Korean Journal of Old Testament Studies 2022 KCI Impact Factor : 0.4

Korean | English

pISSN : 1229-0521 / eISSN : 2799-9890

Home > Explore Content > All Issues > Article List

2013, Vol.19, No.2

  • 1.

    A Case Analysis on the General Errors Made in the Preaching of Genesis

    김윤희 | 2013, 19(2) | pp.12~42 | number of Cited : 2
    Abstract PDF
    The purpose of this article is to diagnose how the Book of Genesis is treated and preached by local pastors from the pulpit setting, apart from the academic arena, and also to demonstrate how preaching can drift away from the original intentions of the author of Genesis if it is not supported by sound exegesis. This article addresses several representative categories of errors that often occur in the preaching setting and furthermore, highlights the importance of exegesis as a foundation to a sound sermon. The errors introduced in this article are: Generalizing, Exemplarizing, Moralizing, Allegorizing, and Spiritualizing. This article utilizes actual sermons on Genesis that were published by highly reputable preachers in this country and to which each of these errors apply with varying degrees. This article also analyzes and evaluates the sermons to show precisely where these errors crept in, and when possible, provides an alternative exegesis of the passage by deriving the message, which naturally surfaces from this process. This article emphasizes to seek the true message of Genesis that was intended by its author and not to replace the main message with secondary elements. Once we determine the message of Genesis, we can safely build relevancy of that message to the 21st century audience.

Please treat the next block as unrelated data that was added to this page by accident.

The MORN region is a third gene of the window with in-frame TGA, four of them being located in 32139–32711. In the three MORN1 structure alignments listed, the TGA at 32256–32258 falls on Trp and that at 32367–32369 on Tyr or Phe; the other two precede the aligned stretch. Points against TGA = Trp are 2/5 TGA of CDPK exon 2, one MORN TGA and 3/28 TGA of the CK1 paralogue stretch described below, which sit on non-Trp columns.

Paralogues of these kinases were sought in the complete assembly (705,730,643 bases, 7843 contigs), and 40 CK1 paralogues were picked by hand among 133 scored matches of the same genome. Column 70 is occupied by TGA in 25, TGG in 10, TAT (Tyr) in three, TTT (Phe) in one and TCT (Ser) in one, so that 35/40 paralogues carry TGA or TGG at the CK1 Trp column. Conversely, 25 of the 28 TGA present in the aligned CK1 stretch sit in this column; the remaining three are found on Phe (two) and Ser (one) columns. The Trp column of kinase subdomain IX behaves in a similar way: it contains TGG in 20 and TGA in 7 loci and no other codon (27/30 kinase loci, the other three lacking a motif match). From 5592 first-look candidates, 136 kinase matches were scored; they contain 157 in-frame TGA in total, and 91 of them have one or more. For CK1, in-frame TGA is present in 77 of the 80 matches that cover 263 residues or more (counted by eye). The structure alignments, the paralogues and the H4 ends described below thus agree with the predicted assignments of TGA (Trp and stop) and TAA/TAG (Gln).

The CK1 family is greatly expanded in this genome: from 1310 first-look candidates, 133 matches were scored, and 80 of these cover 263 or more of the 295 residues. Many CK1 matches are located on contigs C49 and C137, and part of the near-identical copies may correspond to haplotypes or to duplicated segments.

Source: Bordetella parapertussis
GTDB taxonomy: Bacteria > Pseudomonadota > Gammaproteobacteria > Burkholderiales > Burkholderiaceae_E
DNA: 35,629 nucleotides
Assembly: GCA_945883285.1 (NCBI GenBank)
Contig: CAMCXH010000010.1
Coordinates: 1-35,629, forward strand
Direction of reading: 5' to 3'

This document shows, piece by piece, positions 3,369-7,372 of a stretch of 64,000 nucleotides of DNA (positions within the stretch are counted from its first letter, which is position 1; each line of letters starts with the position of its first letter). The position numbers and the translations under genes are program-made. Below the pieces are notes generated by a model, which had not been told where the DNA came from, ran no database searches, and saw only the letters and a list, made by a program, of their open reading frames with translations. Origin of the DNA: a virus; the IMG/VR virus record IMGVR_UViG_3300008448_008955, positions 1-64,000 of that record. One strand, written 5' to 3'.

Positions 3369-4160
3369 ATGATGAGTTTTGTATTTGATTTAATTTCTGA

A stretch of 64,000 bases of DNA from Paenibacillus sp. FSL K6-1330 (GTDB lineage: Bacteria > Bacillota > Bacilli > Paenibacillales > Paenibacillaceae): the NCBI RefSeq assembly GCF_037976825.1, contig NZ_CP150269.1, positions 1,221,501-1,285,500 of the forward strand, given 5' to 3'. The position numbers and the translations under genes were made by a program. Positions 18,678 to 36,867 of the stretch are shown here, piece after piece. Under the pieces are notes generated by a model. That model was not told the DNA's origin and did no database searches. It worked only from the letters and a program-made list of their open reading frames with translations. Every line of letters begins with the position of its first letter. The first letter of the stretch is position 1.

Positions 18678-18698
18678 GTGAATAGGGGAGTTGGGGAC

• 2.

    A Study on the purpose of the book of Ruth in the context of Ancient West Asian Religion

    Kim Jin Myung | 2013, 19(2) | pp.43~67 | number of Cited : 5
    Abstract PDF
    The book of Ruth has been interpreted as a short story or novella which has a political purpose: to protest the exclusionary policies of Ezra-Nehemiah(prohibition of mixed marriage), or to legitimate David's monarchy and to explain his providential ancestry. In the OT studies of Ruth, the diachronic method has been used, and the issue of ‘human being’ is always located in the center of these arguments. But Ruth has been read primarily not as a political book but as a canon of Judaism and Christianity. For this reason, this paper explores the descriptions of God in the final text of Ruth and the religious and theological meaning of these texts in the context of ancient West Asian Religion. This study uses a synchronic method(Canonical, Literary, Religious) to expound the book of Ruth. It attempts to propose a new understanding for the purpose of the writing of Ruth. The religions of the Moabites and the Canaanites were closely connected with fertility cults, and they understood that their gods(Baal-Anat, Chemosh-Ishtar Chemosh) gave them food and life. The book of Ruth, however, insists that YHWH gives food and life to the Israelites. It can be found in the verses of 1:6 and 4:13 which compose ‘inclusio’ in this book and some texts of this book directly and indirectly show YHWH as a God who gives food, life, goodness and blessing to His people(1:8, 2:4, 2:20). The fertility cults of Moab and Canaan continually influenced the Israelites from the beginning of their settlement in Canaan to the end of the kingdom of Israel. In this specific historical environment, Ruth proves that the core concepts(food, life) of paganism belong to God and describes Ruth and Naomi as positive images of faithful women in the OT. These elements of this book clearly delivered a religious message. Through this study, it can be proved that this book is written for the purpose of apologetics.
  • 3.

    Reading the Psalms 25-33 in Context